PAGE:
Very slowly and subtly he comes into focus. There is a clear post-career scepticism about the public realm and those who inhabit it. Also a scepticism about big ideas and enthusiasm. In "On Living Forever" he gently but firmly demolishes not only his initial target, a visiting American speaker called Rutherford who is promising us much longer lives, but also the idea of eternity, with a cricketer's philosophical take that unless we are sooner or later "out" nothing has any meaning. He extols the small and private: the habits and tolerances of marriage, the products of the kitchen garden, the lonely November walk across the hills. He is often on the bus, starting his essays with observations made and conversations heard there. He sees morality as almost entirely convention, albeit necessary or useful convention and is scornful of those who would expect much scruple from human beings in their commercial activities.

Regrettably the endemic anti-Semitism of the times also emerges. In "Ourselves and Others" he half commends, half criticises Americans for being able to pursue their own interests without worrying too much about rival considerations and then adds (p. 172):

They are inferior, of course, to the Jews, whose insensibility to the feelings of others sometimes passes belief. It is the heritage no doubt of two thousand years of buffetings by a hostile world, and it enables them to support their superior qualities of brain to the maximum. But they are trying and often offensive, even to those of us who loathe the gospel according to Mr Belloc.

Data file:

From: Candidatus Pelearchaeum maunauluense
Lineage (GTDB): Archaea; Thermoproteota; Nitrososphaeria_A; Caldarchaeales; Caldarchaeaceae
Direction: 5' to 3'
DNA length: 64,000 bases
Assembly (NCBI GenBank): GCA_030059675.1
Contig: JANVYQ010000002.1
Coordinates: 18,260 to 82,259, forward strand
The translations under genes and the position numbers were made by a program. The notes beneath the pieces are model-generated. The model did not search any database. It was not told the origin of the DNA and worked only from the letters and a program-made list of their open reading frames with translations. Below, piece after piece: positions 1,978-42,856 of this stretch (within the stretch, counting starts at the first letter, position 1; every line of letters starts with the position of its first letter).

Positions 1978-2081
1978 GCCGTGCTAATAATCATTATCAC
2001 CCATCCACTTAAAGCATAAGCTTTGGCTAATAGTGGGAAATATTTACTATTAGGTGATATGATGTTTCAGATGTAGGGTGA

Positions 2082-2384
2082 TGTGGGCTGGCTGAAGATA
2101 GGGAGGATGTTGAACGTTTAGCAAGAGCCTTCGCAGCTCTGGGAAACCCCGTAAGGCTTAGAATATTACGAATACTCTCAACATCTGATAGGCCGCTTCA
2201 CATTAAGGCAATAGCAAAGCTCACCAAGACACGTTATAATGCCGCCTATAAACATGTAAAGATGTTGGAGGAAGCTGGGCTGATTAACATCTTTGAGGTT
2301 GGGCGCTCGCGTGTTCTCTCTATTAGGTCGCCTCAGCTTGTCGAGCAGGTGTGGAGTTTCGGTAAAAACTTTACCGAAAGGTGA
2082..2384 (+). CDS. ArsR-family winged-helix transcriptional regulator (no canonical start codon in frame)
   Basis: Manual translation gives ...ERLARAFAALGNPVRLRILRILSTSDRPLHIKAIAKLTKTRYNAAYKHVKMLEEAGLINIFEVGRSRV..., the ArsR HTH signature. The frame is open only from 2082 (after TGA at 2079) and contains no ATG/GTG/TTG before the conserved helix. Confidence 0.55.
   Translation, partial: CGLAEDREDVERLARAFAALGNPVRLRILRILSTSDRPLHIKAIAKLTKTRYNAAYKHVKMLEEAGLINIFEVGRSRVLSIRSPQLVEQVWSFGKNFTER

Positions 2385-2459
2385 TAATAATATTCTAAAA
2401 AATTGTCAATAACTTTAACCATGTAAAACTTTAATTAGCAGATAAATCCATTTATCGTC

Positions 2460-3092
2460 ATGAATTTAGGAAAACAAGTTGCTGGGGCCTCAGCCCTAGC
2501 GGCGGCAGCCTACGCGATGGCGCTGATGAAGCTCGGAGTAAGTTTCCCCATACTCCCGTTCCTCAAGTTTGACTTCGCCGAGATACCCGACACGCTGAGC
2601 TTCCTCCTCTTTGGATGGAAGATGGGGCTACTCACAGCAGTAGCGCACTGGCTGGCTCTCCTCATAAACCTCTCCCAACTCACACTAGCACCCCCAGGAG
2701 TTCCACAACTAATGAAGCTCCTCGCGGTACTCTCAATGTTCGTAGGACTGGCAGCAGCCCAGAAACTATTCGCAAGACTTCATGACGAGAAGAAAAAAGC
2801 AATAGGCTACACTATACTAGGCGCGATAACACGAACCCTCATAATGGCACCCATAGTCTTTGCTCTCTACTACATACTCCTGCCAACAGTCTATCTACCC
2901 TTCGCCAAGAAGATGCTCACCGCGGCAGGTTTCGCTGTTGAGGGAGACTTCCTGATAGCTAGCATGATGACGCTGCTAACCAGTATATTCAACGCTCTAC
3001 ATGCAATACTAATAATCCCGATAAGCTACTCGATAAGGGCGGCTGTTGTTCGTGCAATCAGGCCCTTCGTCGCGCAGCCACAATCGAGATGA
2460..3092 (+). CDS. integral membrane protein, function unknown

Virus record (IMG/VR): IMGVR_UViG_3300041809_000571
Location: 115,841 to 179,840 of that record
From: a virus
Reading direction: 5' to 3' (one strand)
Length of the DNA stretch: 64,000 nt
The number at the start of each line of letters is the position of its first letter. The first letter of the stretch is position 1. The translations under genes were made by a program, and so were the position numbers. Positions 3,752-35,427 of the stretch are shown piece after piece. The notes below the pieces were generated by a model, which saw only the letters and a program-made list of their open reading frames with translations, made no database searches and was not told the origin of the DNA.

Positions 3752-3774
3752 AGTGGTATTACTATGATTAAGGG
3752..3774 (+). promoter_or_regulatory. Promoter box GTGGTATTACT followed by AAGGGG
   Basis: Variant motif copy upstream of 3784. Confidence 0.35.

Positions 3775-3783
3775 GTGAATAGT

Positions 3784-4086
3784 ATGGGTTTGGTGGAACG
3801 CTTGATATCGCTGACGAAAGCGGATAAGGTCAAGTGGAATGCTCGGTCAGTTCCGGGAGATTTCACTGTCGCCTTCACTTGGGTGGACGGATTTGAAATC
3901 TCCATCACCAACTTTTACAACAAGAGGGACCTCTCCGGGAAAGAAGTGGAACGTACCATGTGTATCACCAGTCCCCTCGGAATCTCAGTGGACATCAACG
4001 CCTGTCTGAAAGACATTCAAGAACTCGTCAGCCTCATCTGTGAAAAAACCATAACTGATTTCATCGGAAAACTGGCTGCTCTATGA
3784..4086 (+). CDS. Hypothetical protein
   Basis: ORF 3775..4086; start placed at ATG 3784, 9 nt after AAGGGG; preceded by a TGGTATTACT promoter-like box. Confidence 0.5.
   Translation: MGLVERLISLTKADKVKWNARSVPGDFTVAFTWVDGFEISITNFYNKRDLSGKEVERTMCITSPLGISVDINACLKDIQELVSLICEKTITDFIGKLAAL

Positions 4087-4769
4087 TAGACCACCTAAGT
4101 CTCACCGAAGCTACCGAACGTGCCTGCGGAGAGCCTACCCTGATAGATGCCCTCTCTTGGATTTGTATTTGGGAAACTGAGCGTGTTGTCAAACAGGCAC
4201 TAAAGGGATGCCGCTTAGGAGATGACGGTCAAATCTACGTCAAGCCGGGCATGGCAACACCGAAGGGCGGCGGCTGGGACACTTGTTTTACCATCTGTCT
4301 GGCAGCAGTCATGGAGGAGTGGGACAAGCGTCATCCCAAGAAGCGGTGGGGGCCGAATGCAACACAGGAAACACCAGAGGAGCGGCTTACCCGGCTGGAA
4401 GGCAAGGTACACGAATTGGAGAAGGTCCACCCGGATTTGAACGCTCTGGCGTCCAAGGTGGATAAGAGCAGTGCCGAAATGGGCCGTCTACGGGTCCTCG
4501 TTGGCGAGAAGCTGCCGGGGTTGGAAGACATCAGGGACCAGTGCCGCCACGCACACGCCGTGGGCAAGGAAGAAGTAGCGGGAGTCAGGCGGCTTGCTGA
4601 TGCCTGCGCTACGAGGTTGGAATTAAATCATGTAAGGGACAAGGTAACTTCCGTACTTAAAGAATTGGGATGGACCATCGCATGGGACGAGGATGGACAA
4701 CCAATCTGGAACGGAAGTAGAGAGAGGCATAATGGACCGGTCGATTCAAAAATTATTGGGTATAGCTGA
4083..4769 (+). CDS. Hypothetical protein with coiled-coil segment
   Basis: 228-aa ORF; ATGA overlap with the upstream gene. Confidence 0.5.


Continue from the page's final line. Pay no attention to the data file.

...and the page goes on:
And an essay called "An Offer of £10,000" starts with his receiving a letter from a Mr Rosen offering to lend him money (yes, even eighty years ago!). It is very sarcastic and accompanied by a couple of sketches in the "eternal Jew" tradition.

Looking back, I regard my father's (mild) obsession with AGG as odd. He wasn't remotely like the man, though perhaps he wanted to be. I, on the other hand, feel the bond of strong similarities, particularly reading him now when I am the age he was when he wrote. We have many of the same interests and opinions. Like him I think that my natural form of expression is the essay. He is unable to resist announcing that he has, at the age of 58, "troubled the scorers" in a cricket match more than anyone else in the match. And I cannot resist adding that last year, also at the age of 58, so did I. If I believed in that sort of thing I might be drawn into the remark that Gardiner died in 1946, very shortly before I was born . . . .

Lincoln Allison retired from an academic career in 2004 to become a freelance writer and broadcaster. He remains Emeritus Reader in Politics at the University of Warwick and Visiting Professor in sport and leisure at the University of Brighton. His previous Retrospective Reviews can be read here.


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Can you tell me whether Gardiner wrote an essay entitled, "On The Rule of the Road" ? I remember the contents of this essay but I am not sure who the author is - Gardiner or Stephen Leacock? It was in my school English reader - 25 years ago!

Posted by: Chris at April 21, 2007 04:16 AM
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In our text book of English in school, we had an essay by A G Gardiner,named "On reading books". Could you help me to find this essay?

Posted by: Gupte Sateesh R at January 20, 2008 01:08 PM